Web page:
I can and do forsee future crosses planted in mass for years to come with this project, corns only benefit from hybridization and as long as I can keep introducing new genetics to the mix, particularly those of colored genes I will probably do so.

Much of my work with this corn experiment was inspired by Dave Christianson who has spent thirty plus years breeding his Painted Mountain Flint corn.

I will update this pedigree and research as the growing season in 2008 and selection work begins.

Updated: Two new accessions added to second year pedigree. Martian Jewels and Martian Jewels selected for Pink and Gold. Both from Alan Kapulars Peace Seeds by way of Homegrown Member Pugs.

Update for Year 3: Recently I had the distinct pleasure of opening my mailbox to find the first returned seed sample from Johno. John made some very nice selections and already there is a clear difference in strains. Our selection is much darker in color than Johns selections and the seeds of our strain are a bit smaller, this selection has now been added back to the F-3 seed from this year for integration. A number of new accessions have also been added to the list via ARS GRIN:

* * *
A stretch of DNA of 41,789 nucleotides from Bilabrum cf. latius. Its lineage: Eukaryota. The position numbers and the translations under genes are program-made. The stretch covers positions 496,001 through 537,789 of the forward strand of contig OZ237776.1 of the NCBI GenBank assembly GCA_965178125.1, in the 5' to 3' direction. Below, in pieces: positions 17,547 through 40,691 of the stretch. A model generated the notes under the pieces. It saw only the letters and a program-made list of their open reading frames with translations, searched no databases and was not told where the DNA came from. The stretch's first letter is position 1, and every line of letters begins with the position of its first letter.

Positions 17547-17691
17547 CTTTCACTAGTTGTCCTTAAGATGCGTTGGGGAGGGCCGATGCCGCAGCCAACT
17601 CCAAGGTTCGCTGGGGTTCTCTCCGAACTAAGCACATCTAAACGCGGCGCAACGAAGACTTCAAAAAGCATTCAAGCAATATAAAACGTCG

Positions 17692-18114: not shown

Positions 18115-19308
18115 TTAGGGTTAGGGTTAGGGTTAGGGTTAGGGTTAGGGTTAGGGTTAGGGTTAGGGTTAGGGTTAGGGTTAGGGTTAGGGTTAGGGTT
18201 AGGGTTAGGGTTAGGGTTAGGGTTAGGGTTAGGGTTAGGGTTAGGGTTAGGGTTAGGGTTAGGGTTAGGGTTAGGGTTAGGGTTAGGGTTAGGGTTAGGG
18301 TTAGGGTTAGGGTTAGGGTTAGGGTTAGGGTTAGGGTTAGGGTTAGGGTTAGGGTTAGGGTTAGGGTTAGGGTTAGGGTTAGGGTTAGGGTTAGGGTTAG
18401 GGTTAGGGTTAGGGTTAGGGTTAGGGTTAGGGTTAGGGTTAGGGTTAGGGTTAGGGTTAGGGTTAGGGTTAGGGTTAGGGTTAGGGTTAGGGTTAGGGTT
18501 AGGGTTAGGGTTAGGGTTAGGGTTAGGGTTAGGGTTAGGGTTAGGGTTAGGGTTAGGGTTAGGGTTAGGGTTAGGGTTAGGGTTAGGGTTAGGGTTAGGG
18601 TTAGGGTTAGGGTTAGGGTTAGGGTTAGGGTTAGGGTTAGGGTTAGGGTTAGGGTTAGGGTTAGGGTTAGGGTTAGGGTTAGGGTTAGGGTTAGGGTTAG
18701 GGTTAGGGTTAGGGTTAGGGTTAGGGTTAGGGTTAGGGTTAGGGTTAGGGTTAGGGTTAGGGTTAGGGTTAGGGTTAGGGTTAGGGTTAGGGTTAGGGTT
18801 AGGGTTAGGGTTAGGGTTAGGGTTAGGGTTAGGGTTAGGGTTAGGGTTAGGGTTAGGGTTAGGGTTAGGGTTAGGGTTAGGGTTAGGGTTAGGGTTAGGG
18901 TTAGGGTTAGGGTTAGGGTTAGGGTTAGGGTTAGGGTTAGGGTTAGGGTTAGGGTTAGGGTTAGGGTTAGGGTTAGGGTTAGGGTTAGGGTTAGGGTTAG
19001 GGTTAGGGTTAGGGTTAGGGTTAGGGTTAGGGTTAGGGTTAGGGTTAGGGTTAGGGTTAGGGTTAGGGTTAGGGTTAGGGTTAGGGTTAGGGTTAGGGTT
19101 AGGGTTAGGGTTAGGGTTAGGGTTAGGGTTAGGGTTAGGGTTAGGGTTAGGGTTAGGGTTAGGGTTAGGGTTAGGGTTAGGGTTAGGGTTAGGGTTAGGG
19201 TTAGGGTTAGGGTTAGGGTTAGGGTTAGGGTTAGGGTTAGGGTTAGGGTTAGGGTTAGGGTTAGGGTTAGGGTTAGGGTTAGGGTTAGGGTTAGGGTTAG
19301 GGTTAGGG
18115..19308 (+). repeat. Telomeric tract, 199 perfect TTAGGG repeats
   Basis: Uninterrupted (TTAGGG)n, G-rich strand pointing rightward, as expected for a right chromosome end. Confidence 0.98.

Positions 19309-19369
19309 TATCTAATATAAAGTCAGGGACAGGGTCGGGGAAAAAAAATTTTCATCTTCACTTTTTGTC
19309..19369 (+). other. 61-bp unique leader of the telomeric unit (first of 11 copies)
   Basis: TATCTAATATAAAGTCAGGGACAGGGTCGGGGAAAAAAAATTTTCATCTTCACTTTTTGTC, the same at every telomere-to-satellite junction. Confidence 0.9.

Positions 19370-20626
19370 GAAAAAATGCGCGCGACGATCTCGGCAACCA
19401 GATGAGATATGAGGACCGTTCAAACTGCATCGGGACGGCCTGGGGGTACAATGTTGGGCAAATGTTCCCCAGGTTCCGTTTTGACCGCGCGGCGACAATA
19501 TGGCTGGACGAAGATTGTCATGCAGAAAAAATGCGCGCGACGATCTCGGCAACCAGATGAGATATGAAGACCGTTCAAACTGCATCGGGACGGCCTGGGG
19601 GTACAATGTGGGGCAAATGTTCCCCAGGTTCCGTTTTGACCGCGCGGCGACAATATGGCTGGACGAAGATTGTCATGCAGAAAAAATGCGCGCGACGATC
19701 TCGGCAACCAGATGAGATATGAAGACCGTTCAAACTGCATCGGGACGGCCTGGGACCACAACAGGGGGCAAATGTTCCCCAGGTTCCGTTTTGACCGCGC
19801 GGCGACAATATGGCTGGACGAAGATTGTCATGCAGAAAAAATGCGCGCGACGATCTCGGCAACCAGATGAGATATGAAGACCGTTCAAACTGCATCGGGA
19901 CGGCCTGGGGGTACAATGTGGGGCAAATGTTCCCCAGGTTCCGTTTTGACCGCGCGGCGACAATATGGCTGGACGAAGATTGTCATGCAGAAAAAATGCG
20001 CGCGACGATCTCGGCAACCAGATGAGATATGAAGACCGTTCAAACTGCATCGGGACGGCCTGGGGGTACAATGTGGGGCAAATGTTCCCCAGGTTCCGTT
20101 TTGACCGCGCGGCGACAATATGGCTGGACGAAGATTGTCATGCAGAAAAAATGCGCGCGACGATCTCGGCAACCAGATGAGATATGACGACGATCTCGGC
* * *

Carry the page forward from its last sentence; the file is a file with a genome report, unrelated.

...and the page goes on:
Nueta Sweet Corn-Yelow-no information currently

Millersburg Red Sweet #2-Red sweet corn apparently from Millersburg New York.

Aunt Mary's Sweet Corn-White corn from Wisconsin. No further information

Sweet Corn (Indian)-another multi-color selection, from Colorado, no further information available.

2009 will see yet another in a succession of mass crossing of even more genetic diversity into the Astronomy Domine line. 2010, stabilization will become the focus of this experiment.

Tuesday, November 25, 2008

And yet another new idea concerning Terra Preta!

I was replying to a post over at Patricks Bifurcated Carrots blog about his response to my Terra Preta blogs and decided I should probably post part of the relevant text here for others with an interest in this ancient technology to see: